Injuries to the growth plate cartilage often lead to bony repair, resulting in bone growth defects such as limb length discrepancy and angulation deformity in children. Currently utilised corrective surgeries are highly invasive and limited in their effectiveness, and there are no known biological therapies to induce cartilage regeneration and prevent the undesirable bony repair. In the last 2 decades, studies have investigated the cellular and molecular events that lead to bony repair at the injured growth plate including the identification of the four phases of injury repair responses (inflammatory, fibrogenic, osteogenic and remodelling), the important role of inflammatory cytokine tumour necrosis factor alpha in regulating downstream repair responses, the role of chemotactic and mitogenic platelet-derived growth factor in the fibrogenic response, the involvement and roles of bone morphogenic protein and Wnt/B-catenin signalling pathways, as well as vascular endothelial growth factor-based angiogenesis during the osteogenic response. These new findings could potentially lead to identification of new targets for developing a future biological therapy. In addition, recent advances in cartilage tissue engineering highlight the promising potential for utilising multipotent mesenchymal stem cells (MSCs) for inducing regeneration of injured growth plate cartilage. This review aims to summarise current understanding of the mechanisms for growth plate injury repair and discuss some progress, potential and challenges of MSC-based therapies to induce growth plate cartilage regeneration in combination with chemotactic and chondrogenic growth factors and supporting scaffolds.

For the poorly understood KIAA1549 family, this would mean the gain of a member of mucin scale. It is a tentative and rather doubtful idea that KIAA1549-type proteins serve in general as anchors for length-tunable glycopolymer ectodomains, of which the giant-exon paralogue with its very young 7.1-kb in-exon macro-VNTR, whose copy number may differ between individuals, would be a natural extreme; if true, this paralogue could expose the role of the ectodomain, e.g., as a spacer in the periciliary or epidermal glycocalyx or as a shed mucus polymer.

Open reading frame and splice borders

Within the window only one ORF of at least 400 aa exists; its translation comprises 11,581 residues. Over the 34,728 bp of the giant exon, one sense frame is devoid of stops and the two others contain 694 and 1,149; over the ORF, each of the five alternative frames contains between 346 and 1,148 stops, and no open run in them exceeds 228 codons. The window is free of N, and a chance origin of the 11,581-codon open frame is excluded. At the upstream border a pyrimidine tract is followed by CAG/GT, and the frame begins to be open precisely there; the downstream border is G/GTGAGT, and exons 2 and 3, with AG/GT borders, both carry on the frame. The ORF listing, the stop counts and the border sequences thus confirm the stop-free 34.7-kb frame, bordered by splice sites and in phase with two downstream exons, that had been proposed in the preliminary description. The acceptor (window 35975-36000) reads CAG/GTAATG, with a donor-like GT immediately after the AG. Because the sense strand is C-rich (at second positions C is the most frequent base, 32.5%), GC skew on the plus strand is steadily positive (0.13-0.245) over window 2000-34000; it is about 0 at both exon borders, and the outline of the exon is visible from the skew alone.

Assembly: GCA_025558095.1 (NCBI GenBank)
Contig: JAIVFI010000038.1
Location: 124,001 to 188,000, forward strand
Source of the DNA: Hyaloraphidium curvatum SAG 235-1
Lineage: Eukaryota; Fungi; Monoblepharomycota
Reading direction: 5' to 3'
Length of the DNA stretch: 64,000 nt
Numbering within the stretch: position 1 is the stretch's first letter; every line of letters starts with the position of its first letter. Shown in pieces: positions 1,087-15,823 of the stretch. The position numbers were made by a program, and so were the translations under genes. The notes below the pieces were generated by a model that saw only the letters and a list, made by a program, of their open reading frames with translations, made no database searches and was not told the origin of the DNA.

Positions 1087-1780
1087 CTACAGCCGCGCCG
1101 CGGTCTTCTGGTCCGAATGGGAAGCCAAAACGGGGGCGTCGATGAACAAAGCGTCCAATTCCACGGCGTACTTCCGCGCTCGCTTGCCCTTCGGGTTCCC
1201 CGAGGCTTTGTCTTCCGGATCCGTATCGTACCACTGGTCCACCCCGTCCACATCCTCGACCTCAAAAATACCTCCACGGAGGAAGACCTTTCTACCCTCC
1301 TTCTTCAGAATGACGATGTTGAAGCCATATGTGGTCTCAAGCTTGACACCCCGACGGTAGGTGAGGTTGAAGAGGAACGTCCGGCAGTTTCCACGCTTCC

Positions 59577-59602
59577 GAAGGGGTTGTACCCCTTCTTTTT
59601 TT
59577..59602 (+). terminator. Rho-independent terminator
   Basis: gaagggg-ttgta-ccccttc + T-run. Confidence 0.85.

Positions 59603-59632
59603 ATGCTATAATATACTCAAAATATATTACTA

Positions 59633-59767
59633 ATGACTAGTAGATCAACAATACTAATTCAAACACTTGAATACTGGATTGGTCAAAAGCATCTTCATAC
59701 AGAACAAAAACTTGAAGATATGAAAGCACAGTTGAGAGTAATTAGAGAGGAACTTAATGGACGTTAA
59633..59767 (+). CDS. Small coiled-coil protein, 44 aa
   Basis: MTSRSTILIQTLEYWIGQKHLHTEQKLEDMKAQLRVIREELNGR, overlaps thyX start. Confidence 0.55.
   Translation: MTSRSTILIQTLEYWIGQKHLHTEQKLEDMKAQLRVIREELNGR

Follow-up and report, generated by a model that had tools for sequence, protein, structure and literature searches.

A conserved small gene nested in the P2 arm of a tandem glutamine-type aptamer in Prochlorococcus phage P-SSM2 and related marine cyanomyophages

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Yangli Xie, Siru Zhou, Hangang Chen, Xiaolan Du, and Lin Chen

Skeletons are formed through two distinct developmental actions, intramembranous ossification and endochondral ossification. During embryonic development, most bone is formed by endochondral ossification. The growth plate is the developmental center for endochondral ossification. Multiple signaling pathways participate in the regulation of endochondral ossification. Fibroblast growth factor (FGF)/FGF receptor (FGFR) signaling has been found to play a vital role in the development and maintenance of growth plates. Missense mutations in FGFs and FGFRs can cause multiple genetic skeletal diseases with disordered endochondral ossification. Clarifying the molecular mechanisms of FGFs/FGFRs signaling in skeletal development and genetic skeletal diseases will have implications for the development of therapies for FGF-signaling-related skeletal dysplasias and growth plate injuries. In this review, we summarize the recent advances in elucidating the role of FGFs/FGFRs signaling in growth plate development, genetic skeletal disorders, and the promising therapies for those genetic skeletal diseases resulting from FGFs/FGFRs dysfunction. Finally, we also examine the potential important research in this field in the future.

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OK Oz, R Millsaps, R Welch, J Birch, and JE Zerwekh